Facebook’s Tracy Yaverbaun explains why the social network can be a platform to drive sales after all.
“Experimentation is key - you have to be willing to try.” After seven years at Facebook, director of retail, luxury and fashion partnerships Tracy Yaverbaun has seen a lot of experimentation. From Facebook Stores, to an obsession with generating ‘likes’, to mobile first, retailers’ relationship with the site has changed but it is still integral to any business’s social strategy.
Some 26 million people access Facebook every day in the UK (22 million of them on mobiles). More than half of internet users in the UK come back to Facebook every day, and on average people check in via their mobiles 14 times a day.
However, retailers have struggled to see how Facebook can be used to drive this huge audience to increase sales. Yaverbaun works with retailers to overcome this challenge and is beginning to see attitudes towards the platform shift as results are generated. “Social cannot be thought of as a sprinkle on the top of everything else,” she says. “Customers’ time is spent more and more on mobile and on feeds, and the objective of the retailer or brand should be to engage with them in the most meaningful way possible. Businesses that have that as the core of what they do are the ones we work best with.”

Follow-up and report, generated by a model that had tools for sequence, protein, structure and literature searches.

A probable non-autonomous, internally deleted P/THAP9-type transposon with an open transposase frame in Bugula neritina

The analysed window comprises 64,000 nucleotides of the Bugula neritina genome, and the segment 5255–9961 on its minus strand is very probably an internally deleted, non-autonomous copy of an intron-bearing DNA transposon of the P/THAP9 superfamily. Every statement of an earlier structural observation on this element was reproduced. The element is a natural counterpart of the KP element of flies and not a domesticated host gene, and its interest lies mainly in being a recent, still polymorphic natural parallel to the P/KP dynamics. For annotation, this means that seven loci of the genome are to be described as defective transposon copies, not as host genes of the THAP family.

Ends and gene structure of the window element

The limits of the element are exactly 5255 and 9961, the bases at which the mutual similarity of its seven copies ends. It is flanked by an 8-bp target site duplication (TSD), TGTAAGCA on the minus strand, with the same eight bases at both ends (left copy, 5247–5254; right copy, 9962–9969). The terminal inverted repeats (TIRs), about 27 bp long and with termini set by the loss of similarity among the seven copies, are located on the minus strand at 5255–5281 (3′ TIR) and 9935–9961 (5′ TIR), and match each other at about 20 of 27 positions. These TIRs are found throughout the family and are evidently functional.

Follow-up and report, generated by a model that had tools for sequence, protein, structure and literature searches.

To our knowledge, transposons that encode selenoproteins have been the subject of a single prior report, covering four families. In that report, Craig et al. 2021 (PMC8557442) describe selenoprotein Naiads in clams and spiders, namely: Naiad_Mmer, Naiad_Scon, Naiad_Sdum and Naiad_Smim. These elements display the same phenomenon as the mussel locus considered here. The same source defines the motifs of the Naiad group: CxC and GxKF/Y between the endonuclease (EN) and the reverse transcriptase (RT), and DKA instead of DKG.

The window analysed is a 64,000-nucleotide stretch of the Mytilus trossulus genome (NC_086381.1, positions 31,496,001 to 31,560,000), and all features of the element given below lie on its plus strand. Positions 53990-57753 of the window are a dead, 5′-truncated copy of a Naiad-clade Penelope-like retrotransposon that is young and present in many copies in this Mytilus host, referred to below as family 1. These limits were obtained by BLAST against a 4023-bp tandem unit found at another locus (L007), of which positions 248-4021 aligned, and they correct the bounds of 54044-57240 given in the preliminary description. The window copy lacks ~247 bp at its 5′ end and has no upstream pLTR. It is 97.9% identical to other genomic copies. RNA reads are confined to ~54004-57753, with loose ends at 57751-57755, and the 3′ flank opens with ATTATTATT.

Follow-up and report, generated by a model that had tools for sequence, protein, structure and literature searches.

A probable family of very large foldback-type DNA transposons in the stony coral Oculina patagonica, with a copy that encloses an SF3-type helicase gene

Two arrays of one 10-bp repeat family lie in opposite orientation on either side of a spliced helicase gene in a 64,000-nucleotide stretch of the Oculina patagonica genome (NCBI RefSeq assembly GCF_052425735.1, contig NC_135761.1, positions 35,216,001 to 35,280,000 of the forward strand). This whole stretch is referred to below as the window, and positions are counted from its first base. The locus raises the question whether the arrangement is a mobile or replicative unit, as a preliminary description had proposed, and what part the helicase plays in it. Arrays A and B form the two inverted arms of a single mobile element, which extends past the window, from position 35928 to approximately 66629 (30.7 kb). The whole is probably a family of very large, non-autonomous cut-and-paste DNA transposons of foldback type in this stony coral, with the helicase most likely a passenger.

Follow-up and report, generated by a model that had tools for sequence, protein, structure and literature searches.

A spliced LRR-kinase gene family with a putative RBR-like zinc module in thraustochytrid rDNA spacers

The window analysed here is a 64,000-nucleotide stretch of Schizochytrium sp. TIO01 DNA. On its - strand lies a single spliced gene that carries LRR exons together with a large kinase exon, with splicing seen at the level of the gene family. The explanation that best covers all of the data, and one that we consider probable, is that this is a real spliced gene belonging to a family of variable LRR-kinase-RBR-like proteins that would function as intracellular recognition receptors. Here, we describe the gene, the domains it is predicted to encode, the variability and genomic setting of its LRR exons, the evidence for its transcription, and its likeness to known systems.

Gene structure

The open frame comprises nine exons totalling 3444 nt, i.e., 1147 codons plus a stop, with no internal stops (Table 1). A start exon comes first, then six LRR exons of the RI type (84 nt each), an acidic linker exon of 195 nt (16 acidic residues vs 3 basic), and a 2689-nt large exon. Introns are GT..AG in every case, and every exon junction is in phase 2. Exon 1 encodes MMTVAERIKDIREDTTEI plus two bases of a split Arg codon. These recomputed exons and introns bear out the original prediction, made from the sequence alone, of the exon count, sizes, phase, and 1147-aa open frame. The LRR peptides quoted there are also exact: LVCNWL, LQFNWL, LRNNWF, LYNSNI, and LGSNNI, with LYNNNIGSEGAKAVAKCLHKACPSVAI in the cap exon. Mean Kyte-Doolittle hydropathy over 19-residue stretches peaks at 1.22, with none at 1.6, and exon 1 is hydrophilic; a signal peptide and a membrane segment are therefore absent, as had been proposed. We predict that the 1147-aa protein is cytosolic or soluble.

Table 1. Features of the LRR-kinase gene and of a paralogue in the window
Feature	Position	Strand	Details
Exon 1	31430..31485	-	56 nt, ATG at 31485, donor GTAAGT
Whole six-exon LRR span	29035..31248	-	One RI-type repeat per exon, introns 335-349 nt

Two tools that Yaverbaun says have been a huge success are Custom and Lookalike Audiences. Custom Audiences allows brands to understand their own customer base on Facebook. Retailers can cross-reference their own customer data with Facebook data and only deliver a message (for example a Sale post) to active customers. She says this tool typically generates an eight-time return on ad spend.
Lookalike Audiences is similar but looks at the behaviours and attributes of current customers and matches them with Facebook ‘clones’, people with similar interests who retailers can then target.
Facebook has also launched Website Custom Audiences in the UK, which allows retailers to cross-reference people who are visiting their website - but not necessarily shopping - with Facebook data. As Yaverbaun points out: “You can send an email to an account that someone may check once a week or post a message to Facebook which someone is checking 14 times a day.”